1. Thank you so much! It turned out great, didn’t it? Unfortunately, there is no pattern to order. This is just something I came up with on the fly and wrote a tutorial and filmed a quick how-to video about.
      Feel free to capture the post information however you like. Lots of people use the website, printfriendly .com to do that.

      Good luck and prayers for your friend.

  11. Hi I just found this tutorial on Pinterest. Has anyone tried it with the white strip in the middle. Is there is a posting site for project using tutorial?

  12. Jamie, really like the colours in your jelly roll and the way the blocks come together, For those who commented about downloading to pdf they can always download the PrintFriendly app to their browser window, then all it requires is a click on the extension icon and their pdf document is generated for them to save to their PC. I cannot remember who made the first reference to PrintFriendly that caught my eye – that commenter has saved me so much time – no more cutting/copying and pasting the information to a document. Good work and thank you for sharing your successes and failures:).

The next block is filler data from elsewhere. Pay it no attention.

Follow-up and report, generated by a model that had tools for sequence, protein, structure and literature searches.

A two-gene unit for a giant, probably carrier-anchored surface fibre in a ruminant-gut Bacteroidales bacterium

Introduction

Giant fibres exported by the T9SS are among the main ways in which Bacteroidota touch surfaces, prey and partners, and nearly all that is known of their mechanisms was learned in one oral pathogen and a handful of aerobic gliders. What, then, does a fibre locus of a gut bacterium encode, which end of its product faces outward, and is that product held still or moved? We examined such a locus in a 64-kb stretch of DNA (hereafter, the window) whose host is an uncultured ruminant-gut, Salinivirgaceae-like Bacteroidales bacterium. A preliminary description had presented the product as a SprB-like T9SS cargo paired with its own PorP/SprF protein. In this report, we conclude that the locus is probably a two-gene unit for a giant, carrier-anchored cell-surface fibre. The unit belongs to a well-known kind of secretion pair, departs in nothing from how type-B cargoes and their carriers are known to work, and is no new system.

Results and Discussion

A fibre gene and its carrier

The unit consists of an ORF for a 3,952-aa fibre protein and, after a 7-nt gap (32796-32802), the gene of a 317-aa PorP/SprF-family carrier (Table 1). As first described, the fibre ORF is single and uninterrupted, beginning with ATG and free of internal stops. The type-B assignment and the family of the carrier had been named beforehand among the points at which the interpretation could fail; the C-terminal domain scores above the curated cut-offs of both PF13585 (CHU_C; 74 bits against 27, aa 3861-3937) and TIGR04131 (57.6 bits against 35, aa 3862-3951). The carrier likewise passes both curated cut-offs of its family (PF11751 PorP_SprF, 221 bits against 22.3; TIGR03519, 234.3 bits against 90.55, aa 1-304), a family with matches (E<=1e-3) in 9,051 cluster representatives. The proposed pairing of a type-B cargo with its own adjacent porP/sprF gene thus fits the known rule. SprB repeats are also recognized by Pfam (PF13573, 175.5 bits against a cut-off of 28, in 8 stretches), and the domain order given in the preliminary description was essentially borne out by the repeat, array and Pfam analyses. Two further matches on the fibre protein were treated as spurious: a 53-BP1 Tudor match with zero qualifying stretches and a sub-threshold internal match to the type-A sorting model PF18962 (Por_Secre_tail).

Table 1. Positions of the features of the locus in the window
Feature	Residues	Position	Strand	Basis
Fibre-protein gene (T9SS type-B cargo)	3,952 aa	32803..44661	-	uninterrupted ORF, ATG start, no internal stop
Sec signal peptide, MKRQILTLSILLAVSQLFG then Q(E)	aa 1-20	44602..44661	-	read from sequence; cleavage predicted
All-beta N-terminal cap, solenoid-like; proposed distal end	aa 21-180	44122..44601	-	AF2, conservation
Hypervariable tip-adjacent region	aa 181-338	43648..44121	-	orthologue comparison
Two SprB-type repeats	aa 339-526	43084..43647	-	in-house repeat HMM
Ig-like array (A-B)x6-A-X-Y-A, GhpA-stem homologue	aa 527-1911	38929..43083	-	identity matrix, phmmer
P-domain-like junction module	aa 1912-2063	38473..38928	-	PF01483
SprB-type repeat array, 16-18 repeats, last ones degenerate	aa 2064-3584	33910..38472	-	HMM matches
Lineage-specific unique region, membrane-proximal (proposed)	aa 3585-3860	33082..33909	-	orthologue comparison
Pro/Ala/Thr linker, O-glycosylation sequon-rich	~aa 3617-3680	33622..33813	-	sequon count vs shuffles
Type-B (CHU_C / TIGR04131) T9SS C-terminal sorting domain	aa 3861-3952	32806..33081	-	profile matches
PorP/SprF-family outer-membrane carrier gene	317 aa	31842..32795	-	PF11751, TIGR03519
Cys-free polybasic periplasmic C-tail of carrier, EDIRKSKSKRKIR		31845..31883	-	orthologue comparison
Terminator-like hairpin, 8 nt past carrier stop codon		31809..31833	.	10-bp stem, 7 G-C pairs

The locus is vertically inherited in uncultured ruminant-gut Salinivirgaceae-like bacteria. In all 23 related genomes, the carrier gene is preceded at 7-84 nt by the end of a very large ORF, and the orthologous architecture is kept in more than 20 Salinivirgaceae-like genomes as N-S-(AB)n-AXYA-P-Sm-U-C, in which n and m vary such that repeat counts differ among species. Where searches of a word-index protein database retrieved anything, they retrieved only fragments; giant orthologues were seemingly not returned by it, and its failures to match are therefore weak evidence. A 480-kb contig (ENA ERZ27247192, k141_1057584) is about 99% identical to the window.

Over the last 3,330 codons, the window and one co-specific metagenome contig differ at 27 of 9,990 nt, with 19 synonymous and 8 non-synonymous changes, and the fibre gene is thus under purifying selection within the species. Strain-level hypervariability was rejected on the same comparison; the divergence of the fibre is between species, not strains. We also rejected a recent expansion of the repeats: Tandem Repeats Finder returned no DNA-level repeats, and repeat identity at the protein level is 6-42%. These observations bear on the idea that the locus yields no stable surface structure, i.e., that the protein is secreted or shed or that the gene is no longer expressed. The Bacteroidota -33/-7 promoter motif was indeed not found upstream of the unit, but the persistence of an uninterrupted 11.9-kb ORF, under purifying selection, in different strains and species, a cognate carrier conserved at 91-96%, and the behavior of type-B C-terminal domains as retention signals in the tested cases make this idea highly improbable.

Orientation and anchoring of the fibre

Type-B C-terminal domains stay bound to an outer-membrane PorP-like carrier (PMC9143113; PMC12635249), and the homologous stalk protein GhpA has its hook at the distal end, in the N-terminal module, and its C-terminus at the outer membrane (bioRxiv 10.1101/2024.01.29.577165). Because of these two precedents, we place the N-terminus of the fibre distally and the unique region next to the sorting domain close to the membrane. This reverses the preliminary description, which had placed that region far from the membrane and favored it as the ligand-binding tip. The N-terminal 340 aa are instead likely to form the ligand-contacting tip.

13. Karen Zaorski says:

    I do love this quilt tutorial. Also, WOW!, was I surprised to see The Feverish Quilter mentioned in this thread. I also used her to long arm quilt a pattern on a quilt I sewed. She did a really amazing job on my quilt but getting it back to me was a horror story with the emphasis on “story”. I never quite believed the story I got from her about why I didn’t get my quilt back when I was supposed to. The story told was that USPS was at fault but over multiple communications with The Feverish Quilter what I was told sounded very unlikely. This quilt was to be my bridal shower gift for my future d-i-l but it never got to me in time to present it at the shower. I guess I am lucky I finally received it.